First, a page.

Trump emerges from impeachment politically strengthened

Donald Trump to become the first impeached president to seek re-election

The political aftershocks from the four-month impeachment showdown will shape the destiny of the presidency, influence races involving vulnerable Democratic and Republican senators in swing states and play into the Democrats’ fight to hold onto the House of Representatives.

President Donald Trump has been found not guilty in his impeachment trial, ending a bid to remove him from office that bitterly divided the US.

A hundred senators have cast judgment on President Trump, but the saga of his impeachment will only be put to rest when the ultimate jury — 150 million American voters — delivers a final verdict in November.

The Senate, run by the president’s fellow Republicans, voted to acquit him 52-48 on charges of abuse of power and 53-47 on obstruction of Congress.

Given the scandal and controversy constantly whirling around the President, the details of his pressure campaign on Ukraine — never really refuted by his impeachment trial defense team — may be long forgotten by November.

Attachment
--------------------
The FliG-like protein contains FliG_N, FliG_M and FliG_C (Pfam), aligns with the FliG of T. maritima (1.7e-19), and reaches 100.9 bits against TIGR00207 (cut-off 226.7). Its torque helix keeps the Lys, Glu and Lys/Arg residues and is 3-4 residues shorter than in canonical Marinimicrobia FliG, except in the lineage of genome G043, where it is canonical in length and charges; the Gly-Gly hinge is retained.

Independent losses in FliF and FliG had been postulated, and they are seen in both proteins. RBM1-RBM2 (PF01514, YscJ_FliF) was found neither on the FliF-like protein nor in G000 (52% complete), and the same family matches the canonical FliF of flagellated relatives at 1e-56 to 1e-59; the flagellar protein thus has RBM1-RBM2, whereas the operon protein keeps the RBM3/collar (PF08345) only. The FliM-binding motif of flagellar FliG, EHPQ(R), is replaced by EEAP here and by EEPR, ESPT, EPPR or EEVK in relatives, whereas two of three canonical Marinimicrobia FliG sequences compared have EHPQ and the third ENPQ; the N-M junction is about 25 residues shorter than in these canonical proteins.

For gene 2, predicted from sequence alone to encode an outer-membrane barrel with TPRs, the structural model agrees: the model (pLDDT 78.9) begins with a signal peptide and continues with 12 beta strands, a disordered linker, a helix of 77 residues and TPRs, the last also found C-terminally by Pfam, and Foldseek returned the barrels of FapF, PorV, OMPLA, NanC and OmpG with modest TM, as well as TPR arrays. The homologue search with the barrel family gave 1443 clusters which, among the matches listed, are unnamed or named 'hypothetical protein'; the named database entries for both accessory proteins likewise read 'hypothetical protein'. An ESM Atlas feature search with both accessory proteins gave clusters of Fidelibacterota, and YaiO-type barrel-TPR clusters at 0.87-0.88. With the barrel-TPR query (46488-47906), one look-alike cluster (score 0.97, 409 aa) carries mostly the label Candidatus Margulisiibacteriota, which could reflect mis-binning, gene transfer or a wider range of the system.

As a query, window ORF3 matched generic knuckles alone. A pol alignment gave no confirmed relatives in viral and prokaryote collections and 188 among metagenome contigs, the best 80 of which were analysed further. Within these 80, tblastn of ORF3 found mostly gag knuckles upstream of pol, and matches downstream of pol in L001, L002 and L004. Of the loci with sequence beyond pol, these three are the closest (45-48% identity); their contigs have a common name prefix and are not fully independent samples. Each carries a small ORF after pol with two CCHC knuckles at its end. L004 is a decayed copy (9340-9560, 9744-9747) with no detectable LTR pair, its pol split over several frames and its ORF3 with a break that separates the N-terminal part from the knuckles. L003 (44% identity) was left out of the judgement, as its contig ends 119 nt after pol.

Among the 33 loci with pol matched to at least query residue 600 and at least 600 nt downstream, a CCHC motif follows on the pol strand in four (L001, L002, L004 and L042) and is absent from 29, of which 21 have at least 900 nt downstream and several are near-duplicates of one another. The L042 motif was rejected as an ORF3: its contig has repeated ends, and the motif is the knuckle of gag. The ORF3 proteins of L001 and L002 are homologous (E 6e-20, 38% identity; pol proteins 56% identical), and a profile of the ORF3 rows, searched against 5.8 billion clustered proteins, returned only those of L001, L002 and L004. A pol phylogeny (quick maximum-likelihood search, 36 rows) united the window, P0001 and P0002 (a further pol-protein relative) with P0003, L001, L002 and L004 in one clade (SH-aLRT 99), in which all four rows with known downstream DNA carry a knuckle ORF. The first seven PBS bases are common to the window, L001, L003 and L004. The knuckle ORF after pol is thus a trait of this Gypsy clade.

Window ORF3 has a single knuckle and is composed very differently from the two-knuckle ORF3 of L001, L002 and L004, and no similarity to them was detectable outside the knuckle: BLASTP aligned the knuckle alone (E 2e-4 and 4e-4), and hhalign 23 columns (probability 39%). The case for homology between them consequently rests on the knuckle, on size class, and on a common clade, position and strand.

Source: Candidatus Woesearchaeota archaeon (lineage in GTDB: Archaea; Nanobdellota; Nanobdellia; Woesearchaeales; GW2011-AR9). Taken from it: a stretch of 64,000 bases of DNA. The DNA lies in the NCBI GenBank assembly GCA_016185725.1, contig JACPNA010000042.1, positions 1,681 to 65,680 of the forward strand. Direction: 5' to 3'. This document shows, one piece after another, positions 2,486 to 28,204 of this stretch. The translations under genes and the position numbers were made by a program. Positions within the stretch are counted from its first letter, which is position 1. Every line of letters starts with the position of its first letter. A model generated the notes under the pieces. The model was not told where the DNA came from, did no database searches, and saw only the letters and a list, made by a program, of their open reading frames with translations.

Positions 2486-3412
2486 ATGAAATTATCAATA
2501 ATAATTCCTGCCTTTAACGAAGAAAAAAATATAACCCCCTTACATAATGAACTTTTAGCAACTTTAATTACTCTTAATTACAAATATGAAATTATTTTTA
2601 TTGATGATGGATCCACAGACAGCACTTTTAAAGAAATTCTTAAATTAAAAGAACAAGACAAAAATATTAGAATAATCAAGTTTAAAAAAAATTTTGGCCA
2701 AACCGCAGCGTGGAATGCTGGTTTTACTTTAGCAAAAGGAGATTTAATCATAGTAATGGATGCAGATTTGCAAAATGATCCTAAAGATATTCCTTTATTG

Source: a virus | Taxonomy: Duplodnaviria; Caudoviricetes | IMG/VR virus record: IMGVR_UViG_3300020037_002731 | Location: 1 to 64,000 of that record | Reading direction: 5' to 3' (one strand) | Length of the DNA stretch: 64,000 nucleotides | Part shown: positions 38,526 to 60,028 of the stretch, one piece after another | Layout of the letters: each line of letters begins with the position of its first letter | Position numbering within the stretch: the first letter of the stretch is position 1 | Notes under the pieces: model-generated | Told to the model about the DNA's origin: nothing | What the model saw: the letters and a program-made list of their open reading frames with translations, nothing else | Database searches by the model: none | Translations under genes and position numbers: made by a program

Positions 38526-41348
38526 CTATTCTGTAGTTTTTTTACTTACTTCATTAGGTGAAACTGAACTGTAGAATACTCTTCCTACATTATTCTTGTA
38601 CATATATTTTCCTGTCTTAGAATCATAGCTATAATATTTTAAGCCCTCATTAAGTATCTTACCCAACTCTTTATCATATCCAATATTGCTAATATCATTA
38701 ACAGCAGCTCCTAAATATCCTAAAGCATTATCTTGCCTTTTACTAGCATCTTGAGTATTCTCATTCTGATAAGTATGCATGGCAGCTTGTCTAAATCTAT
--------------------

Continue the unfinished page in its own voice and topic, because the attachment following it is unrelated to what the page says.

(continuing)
But the underlying cause of impeachment may be the most crucial issue on the ballot: The President’s determination to wield sweeping, unrestrained power and his refusal to accept the checks and balances invested in Congress.

Democrats charged Mr Trump in December with pressuring Ukraine to smear a potential White House rival.

He will now become the first impeached president to seek re-election.

Impeachment allows Congress – the part of the US government that writes and brings in laws – to put presidents on trial.


It is a rare event and a political process, rather than a criminal one.

In its historic vote on Wednesday, the Senate decided not to remove America’s 45th president from office on charges arising from his dealings with Ukraine.

If convicted on either charge, Mr Trump would have had to turn over his office to Vice-President Mike Pence.

The Democratic-led House of Representatives approved the articles of impeachment on 18 December.

President Trump has always denied wrongdoing

Mr Trump, who is seeking a second four-year term in the 3 November election, always denied wrongdoing.

His re-election campaign said in a statement: “President Trump has been totally vindicated and it’s now time to get back to the business of the American people.

“The do-nothing Democrats know they can’t beat him, so they had to impeach him.” It said “this terrible ordeal” and “nonsense” was merely a Democratic campaign tactic.

The statement added: “This impeachment hoax will go down as the worst miscalculation in American political history.”

Mr Trump – whose personal approval rating with American voters hit a personal best of 49% this week, according to Gallup – tweeted that he would speak on Thursday about the case.